The album opens with “Voicemail,” one of many voicemails his mother has left for him through the years. Pouring grateful spirit into this composition, he turns it into a love letter back to her. After all, he is a man who has walked through the fires of life by the grace of her supreme, unconditional love and her complete belief in the purpose of his path. Mugic, indeed! Put to music rife with Keyon’s soaring refrains, you feel his grit and his immense heart coming through every note echoed by six of his sixteen siblings singing on the track. “The Mugician,” the title track on the album is a jaunty, reggae-meets-Afrobeat anthem built on top of rhythmic guitars, heavy keys and rumbling drums. The illusionist creates a kaleidoscopic of stacked sounds to offer a warm sonic dimension. On Keyon’solo, he throws motifs back and forth to himself; up and down, side to side like a juggler. “The mugicians are the healers, the number one top feelers.” Aah…that’s what we need right now. Someone who can heal our anxious hearts. The reflective “MB Lament” by this child of Ferguson, MO, inspired by the infamous, senseless death of Mike Brown, meditates on the emotions, the fears, the struggles and hopes of a people at a time and in a place often overlooked and devalued. It’s no accident that Keyon quotes “St. Louis Blues” in the opening bars of his solo. Keyon’s improvisations are a call to action crying over beds of smokey, contemplative, dissonant string orchestrations by Darin Atwater. “When Will It Stop?” answers the calling of “MB Lament” with the obvious question—how much longer will xenophobia, homophobia, sexism, and, the granddaddy of them all, racism separate a nation of people who are mostly the same? This is the quintessential question consuming society today. “Wayfaring Traveler” is a labyrinth, a heart journey, where Jermaine Holmes and Georgia Anne Muldrow explore being lost on the road of love, and eventually “found” by pianist Robert Glasper’s soothing resolution. And when Keyon melds with singer Bilal Oliver and rapper Big K.R.I.T. on “Stay This Way” and hip-hop royalty Pharoahe Monch on “Her Beauty Through My Eyes,” sometimes lending his own voice to the movement, he shows an old soul artist who understands both following and leading, stepping back to let others explore the themes and ideas presented, then stepping in purposefully, his exceptional playing embellishing, extrapolating, extracting optimal value and meaning. 2 + 2 = big blue sea! “Ethereal Souls” floats an uncomplicated melody that benevolently lingers to calm us before the storm. “Broken News” pulls together real headlines over one week this past May to set the stage for “Circus Show,” a show-stopper featuring Gary Clark Jr. meant to make us all stop and think about the line —“what the hell IS going on…America” right now?, penned by singer/songwriter Andrea Pizziconi. The satirical blues—a lament for this current absurd political quagmire.  Finally, saxophonist Marcus Strickland, guitarist Nir Fielder, and pianist Shedrick Mitchell take whimsical solos on “Bubba Rides Again.” An outro perhaps, but as it fades we imagine the conversation between the horns carrying on far into the horizon as the sun sets on the note slingers, but only for a brief respite. A song that was written and forgotten about initially, on the way out of the house while rushing to the studio, thankfully, this gem was rediscovered.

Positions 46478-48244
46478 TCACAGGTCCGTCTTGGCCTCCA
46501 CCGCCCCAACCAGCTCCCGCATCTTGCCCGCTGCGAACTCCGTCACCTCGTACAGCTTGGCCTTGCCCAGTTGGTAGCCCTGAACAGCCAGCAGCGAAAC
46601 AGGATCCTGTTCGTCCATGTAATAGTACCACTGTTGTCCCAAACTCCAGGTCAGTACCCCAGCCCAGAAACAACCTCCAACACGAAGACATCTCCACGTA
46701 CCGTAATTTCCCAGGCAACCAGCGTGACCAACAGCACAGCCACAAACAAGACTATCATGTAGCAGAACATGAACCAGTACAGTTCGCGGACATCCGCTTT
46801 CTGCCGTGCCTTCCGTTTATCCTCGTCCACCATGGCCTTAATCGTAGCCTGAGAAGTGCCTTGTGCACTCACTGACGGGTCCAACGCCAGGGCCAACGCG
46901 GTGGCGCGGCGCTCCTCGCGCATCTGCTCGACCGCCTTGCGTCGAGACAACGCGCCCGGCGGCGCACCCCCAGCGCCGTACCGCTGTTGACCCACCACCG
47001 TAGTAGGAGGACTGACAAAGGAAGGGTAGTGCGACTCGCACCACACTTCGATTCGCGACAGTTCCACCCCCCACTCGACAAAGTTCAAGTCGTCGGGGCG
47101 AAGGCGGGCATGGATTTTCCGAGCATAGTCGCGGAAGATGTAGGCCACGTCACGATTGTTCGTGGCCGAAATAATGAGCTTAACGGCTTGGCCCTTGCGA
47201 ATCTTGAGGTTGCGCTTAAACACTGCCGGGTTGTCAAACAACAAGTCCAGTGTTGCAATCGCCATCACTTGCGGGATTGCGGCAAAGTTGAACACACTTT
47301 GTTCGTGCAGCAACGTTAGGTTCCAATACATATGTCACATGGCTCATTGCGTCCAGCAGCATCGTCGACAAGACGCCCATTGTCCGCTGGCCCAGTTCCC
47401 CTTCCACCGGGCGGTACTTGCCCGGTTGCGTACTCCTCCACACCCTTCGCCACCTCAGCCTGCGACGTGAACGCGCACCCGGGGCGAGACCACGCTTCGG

Keyon’s effort on this first outing is about using everyday life as a medium for a profoundly intricate musical exploration. As artists like Nina Simone, Bob Dylan, and John Coltrane have all conveyed, “music is a reflection of life,” a visceral form of communication. This album is a narrative, a social conversation to promote love, empathy, and understanding above bias and hate. Harrold asks, “When will it stop?” Issues of poverty, class, climate change, gun violence, police brutality and the importance of health care access –when will they not rob our peace of mind? This album has been a long time coming, until now…when Keyon’s life experiences and the crises of the times intersected to create a fever pitch scream. Or a virtuosic blow of his horn. This is the living testament of an artist who has been chomping at the bit for so long and now has finally cleared the path ahead to speak his mind in full. A shaman of sound and spirit. “The Mugician.”